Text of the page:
How to think about tech when you don’t have time to think about tech

Barbara Paes

In 2021, our team worked on a research project to explore how social justice communities and data and digital rights (DDR) communities could collaborate more effectively. As we interviewed over 50 people organising for social justice in four regions, something we have seen on a daily basis in our support work was confirmed: making tech and data issues a priority isn’t simple for social justice organisations

And this isn’t because these organisations aren’t interested in thinking about these topics. The majority of people we spoke to are fully aware of the challenges brought by digital technologies and the harms related to data collection. However, they find it difficult to take on the extra work of rethinking their use of tech and data, since most are overworked and tending to pressing needs from the communities they serve. 

Ultimately, rethinking an organisation’s use of tech and data does take quite a bit of time (and resources!). But, there are low(ish) hanging fruits that you can start tackling, and in this post I want to share some ideas to inspire you to start reflecting on these themes. 

Note: In this piece, I use the terms “tech and data” and “digital technologies” to mean the platforms, devices, tools, data and websites that you might use to carry out or enhance your work.

Tech and data should strengthen your core work instead of creating an extra burden 

This may sound counter-intuitive when you think about investing less in technology, but if you want to think about tech and data in a sustainable way, the very first thing we recommend to our partners is that instead of focusing all of your energy on “innovative tech projects”, try to think more about how tech and data could be an integral part of your existing work and infrastructure

Here are a few questions that can spark this conversation: 

  • What are your most pressing current needs? How can your advocacy strategies, internal processes, communications, or community organising might improve if you adopted a particular tech tool? Is a tech tool the only way to make that improvement, or are there low-tech ways to achieve the same improvement?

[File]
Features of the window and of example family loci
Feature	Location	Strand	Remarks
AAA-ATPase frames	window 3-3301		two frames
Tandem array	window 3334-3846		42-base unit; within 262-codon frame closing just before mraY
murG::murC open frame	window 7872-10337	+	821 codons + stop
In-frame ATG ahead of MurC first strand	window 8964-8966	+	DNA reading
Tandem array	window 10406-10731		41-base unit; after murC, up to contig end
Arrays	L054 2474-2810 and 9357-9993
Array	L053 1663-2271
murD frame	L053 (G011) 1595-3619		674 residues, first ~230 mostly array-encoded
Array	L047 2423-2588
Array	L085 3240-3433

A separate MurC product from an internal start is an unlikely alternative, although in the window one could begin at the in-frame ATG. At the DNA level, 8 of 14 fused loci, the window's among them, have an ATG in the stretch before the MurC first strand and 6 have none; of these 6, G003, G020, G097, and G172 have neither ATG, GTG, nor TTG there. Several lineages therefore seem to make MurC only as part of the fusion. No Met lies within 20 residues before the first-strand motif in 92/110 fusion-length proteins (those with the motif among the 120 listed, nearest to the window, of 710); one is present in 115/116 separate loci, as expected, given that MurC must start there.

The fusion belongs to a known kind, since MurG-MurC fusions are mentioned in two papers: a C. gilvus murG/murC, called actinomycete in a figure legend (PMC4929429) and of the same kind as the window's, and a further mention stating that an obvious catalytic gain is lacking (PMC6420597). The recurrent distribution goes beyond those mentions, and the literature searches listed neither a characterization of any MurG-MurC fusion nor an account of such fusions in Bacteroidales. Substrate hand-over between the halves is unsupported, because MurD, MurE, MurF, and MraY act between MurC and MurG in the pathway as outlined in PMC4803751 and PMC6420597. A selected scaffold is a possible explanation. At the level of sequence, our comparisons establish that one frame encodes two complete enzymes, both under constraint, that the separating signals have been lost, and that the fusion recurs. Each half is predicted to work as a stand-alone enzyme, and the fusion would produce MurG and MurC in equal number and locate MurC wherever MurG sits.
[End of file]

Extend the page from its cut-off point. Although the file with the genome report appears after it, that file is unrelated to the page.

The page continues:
• What kind of digital platforms do you already use for your work as a team? How did you make those tech choices in the past?
  • What kind of data do you collect as an organisation and why? Are there ways you want to change the way you collect and store data? (See some suggestions below!) 
  • Who on your team is interested in tech and data issues and could get the others excited as well? And who on your team is the best placed to keep an eye on the ways in which tech and data, emerging technologies, and the broader tech industry affects your communities and mission?  

Get support

These are big topics for sure, but we have found that organisations of many sizes, resource levels and capacities find it fruitful to start with these lines of questioning! If you need support figuring out how to do this, get in touch with us.

Aligning your political values with your use of tech and data is an ongoing process

We believe that decisions regarding technology can have political implications for your work. For example, using tech that doesn’t prioritise accessibility might result in excluding some of the people or communities that you’re working with, or using tools that don’t have strong pro-privacy design might put activists at risk. 

Rethinking your tech and data practices to better fit your values (and your goals) is an iterative process that takes time. It won’t be an individual, one-time activity. As you go on this journey, you’ll review internal processes, go back to the same questions a few times, and figure out how to rearrange your use of tech and data so that they fit you better.